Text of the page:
The chestnut tree has a long and storied history, and records of its cultivation and use have existed for thousands of years. Widespread thousands of years ago, chestnuts were common in ancient Greece, Europe and Asia, as well as in North America. Valued for its fruit, or nut, the chestnut has many different varieties which are classified by region.
The chestnut tree is a member of the Fagaceae family, the same family as the oak and the beech tree. The chestnut belongs to the genus Castanea, and is divided into four main types: European, Chinese, Japanese and American.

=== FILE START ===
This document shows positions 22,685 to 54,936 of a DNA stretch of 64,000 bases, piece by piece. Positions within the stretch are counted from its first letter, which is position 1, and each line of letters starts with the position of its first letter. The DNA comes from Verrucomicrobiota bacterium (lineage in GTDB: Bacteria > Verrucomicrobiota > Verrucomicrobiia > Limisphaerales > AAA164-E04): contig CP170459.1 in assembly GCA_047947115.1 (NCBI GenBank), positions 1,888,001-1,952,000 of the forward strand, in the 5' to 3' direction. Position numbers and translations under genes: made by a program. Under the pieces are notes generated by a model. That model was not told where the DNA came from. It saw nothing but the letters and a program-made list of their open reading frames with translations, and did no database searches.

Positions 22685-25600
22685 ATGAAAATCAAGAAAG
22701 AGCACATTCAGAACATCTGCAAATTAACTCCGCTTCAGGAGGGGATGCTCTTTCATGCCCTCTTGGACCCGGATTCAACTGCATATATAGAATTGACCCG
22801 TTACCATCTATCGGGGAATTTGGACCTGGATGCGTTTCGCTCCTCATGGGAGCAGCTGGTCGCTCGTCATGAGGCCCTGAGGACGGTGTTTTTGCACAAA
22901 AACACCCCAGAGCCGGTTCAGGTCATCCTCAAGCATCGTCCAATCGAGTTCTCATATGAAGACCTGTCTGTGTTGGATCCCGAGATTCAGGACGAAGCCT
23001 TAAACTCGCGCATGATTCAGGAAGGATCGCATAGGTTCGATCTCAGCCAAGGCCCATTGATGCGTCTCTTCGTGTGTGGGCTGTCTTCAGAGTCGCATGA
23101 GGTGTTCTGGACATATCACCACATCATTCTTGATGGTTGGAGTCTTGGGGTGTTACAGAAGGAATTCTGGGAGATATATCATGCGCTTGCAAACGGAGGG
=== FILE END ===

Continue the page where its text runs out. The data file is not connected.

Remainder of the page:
Castanea sativa, or "sweet chestnut," is the only European species of chestnut. The European chestnut is tall and has a massive trunk, and the foliage changes to yellow in the autumn.
There are many different Chinese species of chestnut, including Castanea mollisima, davidii, henryl and seguinii. The Chinese varieties of chestnut tend to be wide and not as tall as European and American versions.
Castanea crenata is the Japanese chestnut tree. The Japanese chestnut is also wider and more spreading than the taller and more massive American and European versions.
American chestnuts are divided according to eastern and southern states. In the east, chestnut varieties include Castanea dentata and pumila; in the south, the varieties are alnifolia, ashei, floridana and paupispina. The American chestnut can be huge, with a large single trunk distinguished by the growth of long, ropy strands on the gray bark.